Australians put beets on their hamburgers, eat chicken‐flavored Lay’s potato chips, dine at Hungry Jacks and drive Holden cars. With strange behavior like that, should they be free to hold American journalists liable for online defamation?
Australia’s High Court has ruled that the Dow Jones publication Barron’s, with respect to a defamation claim, is subject to jurisdiction down under‐despite the Web site’s New Jersey base‐because Australians can access it. The implications for writers could be tremendous because the ruling means material published on the Net can be judged by the governments and courts where the information is downloaded instead of under the laws of the country where it is originally uploaded. (Simply, under the logic of this court’s decision, an Internet article is considered to be “published” where it is ultimately read instead of where it was written or where the actual publisher is physically based.)
Many journalists and publishers are concerned about the free speech implications of the case. If other courts across the globe were to adopt the Aussie “destination‐based” principle, the result could be a jurisdictional tangle of online libel standards. If this standard was strictly enforced it would mean that Internet publishers would need to monitor the different libel standards for any of the roughly 190 countries that exist on Planet Earth to make sure they comply with each of them. Alternatively, many publishers would instead adopt a “lowest common denominator” approach by sanitizing their Web content to comply with the most restrictive libel standards. So if Zimbabwe says you can’t say anything negative about the dictator du jour, you might want to be careful about publishing that critical story about him.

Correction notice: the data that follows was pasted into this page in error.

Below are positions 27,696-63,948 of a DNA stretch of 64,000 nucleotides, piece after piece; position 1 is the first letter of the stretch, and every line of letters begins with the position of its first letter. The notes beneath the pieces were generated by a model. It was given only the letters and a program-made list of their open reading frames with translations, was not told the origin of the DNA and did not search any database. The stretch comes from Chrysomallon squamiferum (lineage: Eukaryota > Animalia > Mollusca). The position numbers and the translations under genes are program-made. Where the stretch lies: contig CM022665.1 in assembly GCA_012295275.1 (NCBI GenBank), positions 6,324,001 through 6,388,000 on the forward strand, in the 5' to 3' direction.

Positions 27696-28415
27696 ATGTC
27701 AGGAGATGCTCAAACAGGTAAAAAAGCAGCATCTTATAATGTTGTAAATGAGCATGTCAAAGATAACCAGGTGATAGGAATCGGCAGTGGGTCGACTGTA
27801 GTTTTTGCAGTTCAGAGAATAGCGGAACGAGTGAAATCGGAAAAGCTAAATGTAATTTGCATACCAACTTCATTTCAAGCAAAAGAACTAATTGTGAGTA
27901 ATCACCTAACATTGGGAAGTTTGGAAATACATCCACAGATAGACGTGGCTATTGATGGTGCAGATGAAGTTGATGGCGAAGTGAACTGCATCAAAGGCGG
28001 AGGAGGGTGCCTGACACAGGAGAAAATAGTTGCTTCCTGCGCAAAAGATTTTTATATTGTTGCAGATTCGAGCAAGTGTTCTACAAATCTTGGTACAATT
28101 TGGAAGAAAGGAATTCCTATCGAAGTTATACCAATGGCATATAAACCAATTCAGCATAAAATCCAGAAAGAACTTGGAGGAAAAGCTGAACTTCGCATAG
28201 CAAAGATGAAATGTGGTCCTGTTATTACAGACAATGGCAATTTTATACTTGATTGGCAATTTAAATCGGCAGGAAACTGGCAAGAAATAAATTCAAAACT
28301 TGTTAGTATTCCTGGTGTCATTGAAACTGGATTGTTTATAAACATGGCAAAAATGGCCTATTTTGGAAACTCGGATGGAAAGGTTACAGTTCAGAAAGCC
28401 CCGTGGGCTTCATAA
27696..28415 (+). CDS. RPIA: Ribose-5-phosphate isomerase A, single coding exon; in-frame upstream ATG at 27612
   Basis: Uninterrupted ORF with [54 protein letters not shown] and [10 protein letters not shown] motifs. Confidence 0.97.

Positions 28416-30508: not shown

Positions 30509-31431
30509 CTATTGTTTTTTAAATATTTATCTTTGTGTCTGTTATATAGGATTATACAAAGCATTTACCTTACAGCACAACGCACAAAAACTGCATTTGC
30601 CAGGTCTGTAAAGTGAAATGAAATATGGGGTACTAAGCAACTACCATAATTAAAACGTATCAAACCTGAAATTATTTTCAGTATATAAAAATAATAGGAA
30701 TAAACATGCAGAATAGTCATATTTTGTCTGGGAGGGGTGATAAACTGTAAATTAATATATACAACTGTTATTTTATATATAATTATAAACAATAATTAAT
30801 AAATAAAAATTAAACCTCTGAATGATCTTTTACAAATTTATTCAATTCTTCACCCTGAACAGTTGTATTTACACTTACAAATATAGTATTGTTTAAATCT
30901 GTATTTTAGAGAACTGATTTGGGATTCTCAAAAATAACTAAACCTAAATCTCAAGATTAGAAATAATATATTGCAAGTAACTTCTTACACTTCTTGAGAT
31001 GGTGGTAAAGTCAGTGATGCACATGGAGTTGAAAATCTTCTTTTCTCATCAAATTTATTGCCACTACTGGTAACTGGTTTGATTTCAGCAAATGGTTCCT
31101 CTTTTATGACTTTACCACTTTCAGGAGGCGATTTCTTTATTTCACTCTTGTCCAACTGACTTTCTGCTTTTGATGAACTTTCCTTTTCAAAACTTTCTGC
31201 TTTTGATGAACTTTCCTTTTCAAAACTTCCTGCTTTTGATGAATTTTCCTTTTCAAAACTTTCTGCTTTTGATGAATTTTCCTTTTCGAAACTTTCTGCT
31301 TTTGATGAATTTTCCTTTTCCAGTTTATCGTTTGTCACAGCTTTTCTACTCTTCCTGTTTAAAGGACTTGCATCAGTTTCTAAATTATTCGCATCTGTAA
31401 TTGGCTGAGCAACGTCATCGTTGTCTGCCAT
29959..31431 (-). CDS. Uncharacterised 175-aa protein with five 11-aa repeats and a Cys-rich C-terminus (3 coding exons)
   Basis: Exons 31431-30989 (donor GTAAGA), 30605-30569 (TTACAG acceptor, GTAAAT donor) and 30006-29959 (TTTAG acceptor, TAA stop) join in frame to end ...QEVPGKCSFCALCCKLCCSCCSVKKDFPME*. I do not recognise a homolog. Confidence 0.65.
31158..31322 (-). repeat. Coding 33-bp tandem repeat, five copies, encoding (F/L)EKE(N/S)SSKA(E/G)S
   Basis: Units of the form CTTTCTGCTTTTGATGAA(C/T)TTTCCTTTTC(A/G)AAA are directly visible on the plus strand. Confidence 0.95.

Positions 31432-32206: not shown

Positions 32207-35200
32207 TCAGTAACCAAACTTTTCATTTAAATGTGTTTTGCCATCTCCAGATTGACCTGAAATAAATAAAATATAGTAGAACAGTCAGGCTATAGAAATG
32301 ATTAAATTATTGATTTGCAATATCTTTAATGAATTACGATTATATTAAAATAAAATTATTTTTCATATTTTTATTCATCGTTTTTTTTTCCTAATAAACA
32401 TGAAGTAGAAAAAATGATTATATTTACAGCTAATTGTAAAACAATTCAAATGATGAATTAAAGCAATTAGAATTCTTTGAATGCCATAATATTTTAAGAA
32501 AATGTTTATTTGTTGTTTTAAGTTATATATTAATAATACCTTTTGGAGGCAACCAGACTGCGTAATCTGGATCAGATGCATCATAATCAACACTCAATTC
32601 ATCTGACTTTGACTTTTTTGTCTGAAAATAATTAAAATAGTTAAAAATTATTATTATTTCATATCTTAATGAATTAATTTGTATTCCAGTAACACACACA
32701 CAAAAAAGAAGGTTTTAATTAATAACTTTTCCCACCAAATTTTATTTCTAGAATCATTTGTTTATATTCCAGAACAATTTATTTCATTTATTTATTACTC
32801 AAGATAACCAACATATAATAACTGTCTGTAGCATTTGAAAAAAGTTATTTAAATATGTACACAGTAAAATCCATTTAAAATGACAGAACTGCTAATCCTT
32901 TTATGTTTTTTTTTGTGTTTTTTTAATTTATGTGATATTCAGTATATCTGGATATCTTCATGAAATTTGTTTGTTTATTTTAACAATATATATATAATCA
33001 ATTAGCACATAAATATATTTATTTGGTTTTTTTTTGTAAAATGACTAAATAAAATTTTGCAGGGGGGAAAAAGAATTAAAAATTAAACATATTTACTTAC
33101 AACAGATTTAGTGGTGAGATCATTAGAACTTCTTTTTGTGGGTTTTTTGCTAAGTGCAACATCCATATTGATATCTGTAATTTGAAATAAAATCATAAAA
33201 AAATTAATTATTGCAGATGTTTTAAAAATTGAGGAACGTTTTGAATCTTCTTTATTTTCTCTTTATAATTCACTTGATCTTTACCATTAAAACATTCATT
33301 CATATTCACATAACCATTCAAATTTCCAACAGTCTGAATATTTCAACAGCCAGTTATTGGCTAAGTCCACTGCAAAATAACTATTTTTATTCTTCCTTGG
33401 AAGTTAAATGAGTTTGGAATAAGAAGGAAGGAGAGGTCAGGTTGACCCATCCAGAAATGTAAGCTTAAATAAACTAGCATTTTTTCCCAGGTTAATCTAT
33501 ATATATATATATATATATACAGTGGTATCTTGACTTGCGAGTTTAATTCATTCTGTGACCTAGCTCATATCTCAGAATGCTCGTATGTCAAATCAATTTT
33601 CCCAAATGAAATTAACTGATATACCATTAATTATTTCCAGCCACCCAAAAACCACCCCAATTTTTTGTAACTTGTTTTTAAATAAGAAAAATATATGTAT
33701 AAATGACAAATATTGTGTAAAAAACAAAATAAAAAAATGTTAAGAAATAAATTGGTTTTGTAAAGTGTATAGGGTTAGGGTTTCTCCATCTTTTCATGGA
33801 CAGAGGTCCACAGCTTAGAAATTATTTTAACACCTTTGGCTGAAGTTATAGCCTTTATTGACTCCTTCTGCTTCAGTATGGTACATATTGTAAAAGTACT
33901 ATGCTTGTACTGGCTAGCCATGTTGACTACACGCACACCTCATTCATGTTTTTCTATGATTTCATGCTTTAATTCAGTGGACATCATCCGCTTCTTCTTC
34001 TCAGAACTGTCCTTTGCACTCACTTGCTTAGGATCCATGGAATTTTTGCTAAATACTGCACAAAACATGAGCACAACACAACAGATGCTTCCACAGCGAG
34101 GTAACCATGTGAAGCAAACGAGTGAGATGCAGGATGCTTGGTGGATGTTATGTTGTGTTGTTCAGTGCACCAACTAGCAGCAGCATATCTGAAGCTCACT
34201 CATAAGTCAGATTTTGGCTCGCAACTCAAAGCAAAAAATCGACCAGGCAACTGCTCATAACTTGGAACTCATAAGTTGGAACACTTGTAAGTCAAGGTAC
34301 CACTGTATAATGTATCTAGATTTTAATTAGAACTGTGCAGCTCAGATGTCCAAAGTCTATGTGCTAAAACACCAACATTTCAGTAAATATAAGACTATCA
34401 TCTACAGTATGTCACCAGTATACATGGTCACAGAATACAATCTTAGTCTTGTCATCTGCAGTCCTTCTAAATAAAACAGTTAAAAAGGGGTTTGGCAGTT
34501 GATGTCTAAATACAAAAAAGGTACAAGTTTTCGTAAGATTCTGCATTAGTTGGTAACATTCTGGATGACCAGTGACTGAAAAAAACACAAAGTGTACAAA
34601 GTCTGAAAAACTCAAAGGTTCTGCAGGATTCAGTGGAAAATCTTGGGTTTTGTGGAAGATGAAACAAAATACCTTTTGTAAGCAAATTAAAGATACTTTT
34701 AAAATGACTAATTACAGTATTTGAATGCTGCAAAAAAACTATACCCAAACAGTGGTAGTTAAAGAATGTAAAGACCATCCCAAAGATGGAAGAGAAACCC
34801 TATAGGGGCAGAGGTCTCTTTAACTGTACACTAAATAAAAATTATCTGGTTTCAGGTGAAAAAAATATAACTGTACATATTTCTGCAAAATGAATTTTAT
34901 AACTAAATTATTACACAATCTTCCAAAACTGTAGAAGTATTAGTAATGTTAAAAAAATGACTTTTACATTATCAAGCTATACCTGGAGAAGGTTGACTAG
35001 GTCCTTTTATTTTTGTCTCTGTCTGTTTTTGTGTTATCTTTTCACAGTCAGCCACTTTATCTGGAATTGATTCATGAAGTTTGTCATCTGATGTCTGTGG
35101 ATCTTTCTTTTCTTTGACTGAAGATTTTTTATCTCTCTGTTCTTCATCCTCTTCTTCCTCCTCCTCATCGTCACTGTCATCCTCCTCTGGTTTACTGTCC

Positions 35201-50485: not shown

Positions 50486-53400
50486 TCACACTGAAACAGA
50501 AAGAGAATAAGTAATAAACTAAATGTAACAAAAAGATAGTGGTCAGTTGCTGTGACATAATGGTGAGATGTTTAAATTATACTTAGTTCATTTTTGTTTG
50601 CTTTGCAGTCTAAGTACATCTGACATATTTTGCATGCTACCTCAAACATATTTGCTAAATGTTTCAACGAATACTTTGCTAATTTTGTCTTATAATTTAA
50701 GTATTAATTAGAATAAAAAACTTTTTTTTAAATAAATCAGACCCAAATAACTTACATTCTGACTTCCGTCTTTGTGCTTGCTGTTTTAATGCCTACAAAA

Hopefully it won’t come to that. It may be the case that this decision has more limited implications. In this case, the Barron’s Web site was a subscription‐based service and Australian credit cards were used by some subscribers to register. Thus, the Aussie judges reasoned that Dow Jones did have some “presence” in their country and purposefully directed content to Australian citizens. That’s a tenuous link, but it’s apparently enough to establish some basis for liability.
At the end of the day, of course, the real issue is enforcement. Australian courts are free to hand down all the libel penalties they want. But will the decisions be enforced within the United States where 98 percent of Barron’s readers live? Will U.S. judges apply and enforce Aussie libel standards, or will they take the less restrictive American libel standards into account?
Regardless of how these questions are answered, as The Economist recently noted, this case highlights the fact that, “national laws in a wide array of areas, not just libel, now seem to be out of step with the realities of the Internet.”
Net vendors and publishers may be able to avoid such confrontations in the future by using new geographic location technologies to better target their services instead of just blasting their materials out to the planet. On the one hand, such self‐censorship and technology‐blocking does partition the Internet and lead to “borders” on what many assumed would be a borderless medium. On the other hand, it gives nations‐or at least those with voting citizens‐an incentive to re‐think their restrictive laws if they want to participate in a fluid Internet environment. Overly restrictive nations may face job pullouts or dis‐investment by U.S. firms.
And retaliation will be a factor. The United States surely has no interest in looking for Australian Web sites to sue. But if overseas reach becomes some kind of new fad, more than one nation will be playing the game.
The upshot is that unnecessarily restrictive laws can end up harming the nation that enshrines them more than such laws harm the United States. But those laws can cause a lot of chaos in the short run.